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Data science in biology

An adage says you’ll use the vocabulary from other areas you already know to describe what you’re learning whenever you approach a new field. I’ve been experiencing this viscerally while diving into methods people use in microscale biology (at the molecular and cellular level) with an eye for improvements in the field’s productivity via better software[0]. As an outsider, the first thing you’ll notice is biologists’ overall excitement with high throughput methods. The idea is to use automation to go from 1 to N experiments simultaneously and exploit the massive parallelization as a new way of studying life. The prominent feature of that approach is using computing and statistics for making sense of enormous data produced by automated experiments.

High throughput methods are one of the pillars of biology subfield called systems biology that I just learned about from System Biology by Eberhard Voit. From A Very Short Introduction series, the book is great at giving a crash course on the subject.

My impression from learning about systems biology is that its existence is both an admission of the Microscale Biology Complexity Behemoth and a scheme of how to slay it. Your primary weapon is a firehose of data.

After the book

It has turned the tried-and-true scientific method on its head. The central position of a strong hypothesis has vanished, and the new mindset is exploratory data analysis, which here translated into the lax mandate: “let’s see what’s out there, and then we’ll try to figure out what it means.”

To anyone working in the tech industry, this must sound familiar to “let’s collect lots of data and later figure out what it all means.”

A cool recent example of mapping biology this way is from the COVID19 study. At a high level, the idea is to grow thousands of lung cells’ variants, each with CRISPR-modified DNA, and infect them with coronavirus and leave for a while so the disease can develop. Then you go over all cells’ appearance and work out whether a DNA modification influenced the disease’s course. Once you identify promising DNA hits, you can drill in more and leverage existing, extensive biology maps (e.g. of gene-protein relationships). Put all together, you can quickly identify key factors in COVID19 development. An important thing to remember is that life is messy, so the best you can hope to observe shotgun-like experiments are noisy clues rather than hard facts, and that’s where data science kicks in. It’s a method of fishing for significance out of a sea of raw data. Here’s how Voit describes it from a pure science perspective:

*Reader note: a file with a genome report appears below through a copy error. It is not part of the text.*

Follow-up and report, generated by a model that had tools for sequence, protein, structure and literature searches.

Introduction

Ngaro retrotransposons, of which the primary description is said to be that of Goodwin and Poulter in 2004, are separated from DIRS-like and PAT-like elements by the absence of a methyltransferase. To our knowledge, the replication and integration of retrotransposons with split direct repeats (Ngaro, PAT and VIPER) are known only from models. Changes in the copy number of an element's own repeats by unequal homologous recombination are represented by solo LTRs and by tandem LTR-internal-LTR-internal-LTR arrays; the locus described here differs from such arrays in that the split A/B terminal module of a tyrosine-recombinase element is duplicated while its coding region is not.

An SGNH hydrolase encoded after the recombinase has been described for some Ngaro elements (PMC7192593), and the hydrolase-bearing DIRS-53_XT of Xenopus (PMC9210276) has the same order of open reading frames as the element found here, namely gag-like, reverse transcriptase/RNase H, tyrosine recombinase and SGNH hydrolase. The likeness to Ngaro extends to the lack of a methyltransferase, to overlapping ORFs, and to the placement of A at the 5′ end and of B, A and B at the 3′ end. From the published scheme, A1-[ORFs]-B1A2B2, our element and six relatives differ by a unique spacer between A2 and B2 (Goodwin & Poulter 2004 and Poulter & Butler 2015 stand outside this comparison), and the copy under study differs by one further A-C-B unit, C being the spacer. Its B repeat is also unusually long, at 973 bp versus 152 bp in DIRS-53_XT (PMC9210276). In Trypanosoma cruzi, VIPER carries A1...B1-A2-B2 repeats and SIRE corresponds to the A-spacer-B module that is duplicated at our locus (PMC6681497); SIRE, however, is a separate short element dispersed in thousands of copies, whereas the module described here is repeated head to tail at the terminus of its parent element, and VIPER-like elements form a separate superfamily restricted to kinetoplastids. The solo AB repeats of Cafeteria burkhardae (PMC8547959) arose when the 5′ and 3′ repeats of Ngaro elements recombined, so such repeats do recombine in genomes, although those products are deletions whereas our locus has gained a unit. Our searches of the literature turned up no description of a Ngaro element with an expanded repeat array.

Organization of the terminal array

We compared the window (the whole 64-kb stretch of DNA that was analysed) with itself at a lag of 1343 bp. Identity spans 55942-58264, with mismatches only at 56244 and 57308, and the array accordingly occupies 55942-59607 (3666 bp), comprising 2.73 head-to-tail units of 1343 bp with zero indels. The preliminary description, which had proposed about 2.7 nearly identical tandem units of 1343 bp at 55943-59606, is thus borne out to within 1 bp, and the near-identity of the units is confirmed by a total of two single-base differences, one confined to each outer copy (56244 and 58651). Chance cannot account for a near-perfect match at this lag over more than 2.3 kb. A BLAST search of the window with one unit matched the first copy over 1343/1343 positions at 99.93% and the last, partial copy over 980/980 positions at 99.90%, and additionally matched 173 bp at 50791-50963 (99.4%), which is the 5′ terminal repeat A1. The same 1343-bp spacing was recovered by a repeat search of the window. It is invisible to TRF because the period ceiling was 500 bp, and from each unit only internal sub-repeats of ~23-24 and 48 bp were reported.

Of greatest importance is that the research process no longer begins with a specific hypothesis, but rather with the automated extraction of relatively small amounts of significant information from huge datasets.

Why is data science and not statistics? Some argue that data science is just a pop-culture term for statistics. I disagree. I define data science as a triple: statistics, programming, and an intimate possession of domain-specific knowledge working in concert. The widespread use of programming is a significant and relatively new phenomenon in biology[1].

Naturally, I wondered whether I’m hallucinating thinking an entire field of microscale biology is adding programming to its core toolbox, at equal footing with a microscope. I asked around a bunch of biologists, and all shared the same sentiment:

Nowadays, you can’t get a PhD in biology without doing some serious R or Python.

I didn’t expect it! I want to learn more and write what I find. In the meantime, I recommend Voit’s book. It’s a short, content-packed book that circles data science throughout its course.

PS. Surprisingly, there isn’t something like GitHub for biologists.

[0] Contrary to most working in this area, I have a hunch that R&D in microscale biology rather than medical diagnosis is the good first bet for applying deep learning to life sciences.

[1] I would argue that bioinformatics should be called genomeinformatics - it’s constrained to one application area